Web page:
# Fall 2009 Final

View the exam on docuum

Coming soon.

## 1Question 1¶

### 1.1Solution¶

#### 1.1.1Part (a)¶

Exactly one root in interval

see htsefp

#### 1.1.2Part (b)¶

Apply bisection method

just apply it

#### 1.1.3Part (c)¶

number of steps req'd to ensure certain precision

$$n = \log_2\left ( \frac{b-a}{\text{max error}} \right )$$

#### 1.1.4Part (d)¶

Rank iterative methods based on order of convergence

Compute $g'$ and $g''$ I guess.

(i) Both derivs are non-zero. Quadratic
(ii) $g'$ is 0. Linear
(iii) $g'$ is non-zero, $g''$ is non-zero. Quadratic

## 2Question 2¶

### 2.1Solution¶

#### 2.1.1Part (a)¶

Define lagrange polys

see htsefp

Show uniqueness

see htsefp

#### 2.1.3Part (c)¶

Find specific poly

see htsefp

Find error bound

see htsefp

## 3Question 3¶

### 3.1Solution¶

#### 3.1.1Part (a)¶

Lagrange vs Hermite, clamped vs natural cubic spline

see htsefp

#### 3.1.2Part (b)¶

Constants for natural cubic spline

see htsefp

#### 3.1.3Part (c)¶

Bezier

I don't understand the question and I won't respond to it

## 4Question 4¶

### 4.1Solution¶

#### 4.1.1Part (a)¶

Show that some finite-diff formula holds for the second deriv

Use Taylor

#### 4.1.2Part (b)¶

Apply the above formula to make some approximation

Apply the formula

#### 4.1.3Part (c)¶

Find the error bound.

I think the error bound is given by

$$\frac{h^2}{12}M + \frac{4\delta}{h^2}$$

Determine the value of $h$ to minimise the error bound.

The function we want to minimise is

$$\frac{h^4M + 48\delta}{12h^2}$$

Plug in $\delta = 1\times 10^{-16}$ and $M = 3$:

$$\frac{3h^4 + 48\times 10^{-16}}{12h^2} = \frac{h^2}{4} + \frac{4 \times 10^{-16}}{h^2} \tag{not sure why I switched the format back}$$

Take the first derivative and set that equal to 0:

$$\frac{2h}{4} - \frac{8 \times 10^{-16}}{h^3} = \frac{2h^4 - 32\times 10^{-16}}{4h^3} = 0$$

Thus $2h^4 = 32\times 10^{-16}$. Solving for $h$, we get:

$$h = \sqrt[4]{\frac{32 \times 10^{-16}}{2}} = \sqrt[4]{16\times 10^{16}} = \sqrt{4 \times 10^{-8}} = 2\times 10^{-4} \; \blacksquare$$

## 5Question 5¶

### 5.1Solution¶

#### 5.1.1Part (a)¶

Define deg of acc for quad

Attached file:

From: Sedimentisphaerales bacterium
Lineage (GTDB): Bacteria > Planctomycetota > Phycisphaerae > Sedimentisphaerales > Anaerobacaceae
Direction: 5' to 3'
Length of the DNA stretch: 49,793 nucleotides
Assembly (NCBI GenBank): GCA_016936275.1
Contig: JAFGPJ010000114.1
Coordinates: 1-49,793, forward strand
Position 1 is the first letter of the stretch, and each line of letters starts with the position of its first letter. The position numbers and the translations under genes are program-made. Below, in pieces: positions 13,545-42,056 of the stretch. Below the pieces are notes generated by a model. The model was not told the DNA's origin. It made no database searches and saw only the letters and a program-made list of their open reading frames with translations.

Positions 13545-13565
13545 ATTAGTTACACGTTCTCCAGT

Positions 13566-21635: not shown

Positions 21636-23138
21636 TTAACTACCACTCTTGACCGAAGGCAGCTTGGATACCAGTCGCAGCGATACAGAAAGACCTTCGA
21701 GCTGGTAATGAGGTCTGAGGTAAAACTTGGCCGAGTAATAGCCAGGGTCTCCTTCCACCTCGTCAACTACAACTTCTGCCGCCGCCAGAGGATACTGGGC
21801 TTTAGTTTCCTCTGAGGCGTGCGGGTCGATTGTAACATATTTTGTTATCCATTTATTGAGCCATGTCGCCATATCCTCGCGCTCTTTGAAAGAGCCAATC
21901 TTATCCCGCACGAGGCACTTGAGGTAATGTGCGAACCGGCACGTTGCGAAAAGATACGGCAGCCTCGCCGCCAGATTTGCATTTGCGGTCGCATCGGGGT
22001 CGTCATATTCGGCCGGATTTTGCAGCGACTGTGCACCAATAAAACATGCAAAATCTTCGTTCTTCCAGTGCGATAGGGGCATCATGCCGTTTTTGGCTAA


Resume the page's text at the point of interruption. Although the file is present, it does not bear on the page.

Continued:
see htsefp

Find deg of acc

see htsefp

#### 5.1.3Part (c)¶

Find some constant $k$

see htsefp

#### 5.1.4Part (d)¶

Evaluate $I_h(f)$

see htsefp

## 6Question 6¶

### 6.1Solution¶

Trapezoidal rule

#### 6.1.1Part (a)¶

Apply composite trapezoidal rule

When $h=0.5$: the first trapezoid goes from $x=1$ to $x=1.5$. $f(1) = 1$, $f(1.5) = 2/3$. Area of the trapezoid is $0.5 * (5/6) = 5/12$. The second trapezoid goes from $x=1.5$ to $x=2$. $f(1.5 = 2/3$, $f(2) = 0.5$. Area of the trapezoid is $0.5 * 7/12 = 7/24$. The total area is $5/12 + 7/24 = 17/24 \approx$0.7083$. Not too bad. When$h=0.25$:$f(1) = 1$,$f(1.25) = 4/5$. Area is$9/10 * 0.25 = 9/40$. Second:$f(1.25) = 4/5$,$f(1.5) = 2/3$. Area is$11/15 * 0.25 = 11/60$. Third:$f(1.5) = 2/3$,$f(1.75) = 4/7$. Area is$13/21 * 0.25 = 13/84$. Last:$f(1.75) = 4/7$,$f(2) = 1/2$. Area is$15/28 * 0.25 = 15/112$. Total area$\approx 0.69702$. Even better. #### 6.1.2Part (b)¶ Derive an error bound Thought this was too hard but it's actually really easy. The error bound formula for the trapezoidal rule is just $$\frac{(b-a)^3}{12} f''(\xi)$$ For each segment, replace$b$by$a + h$, then just sum it up. Pretty cool. Source #### 6.1.3Part (c)¶ Apply one step of Richardson extrap whatever #### 6.1.4Part (d)¶ Compute relative error ez ### 6.2Accuracy and discussion¶ ## 7Question 7¶ Runge-Kutta ### 7.1Solution¶ #### 7.1.1Part (a)¶ Define local truncation error, find order of method basically the same as 2008 q6 #### 7.1.2Part (b) (i)¶ Prove some identity for$w_{i+1}$basically the same as 2008 q6 #### 7.1.3Part (b) (ii)¶ Conditions on$h$to get the limit of$w_i$to be 0 at$\infty\$?

basically the same as 2008 q6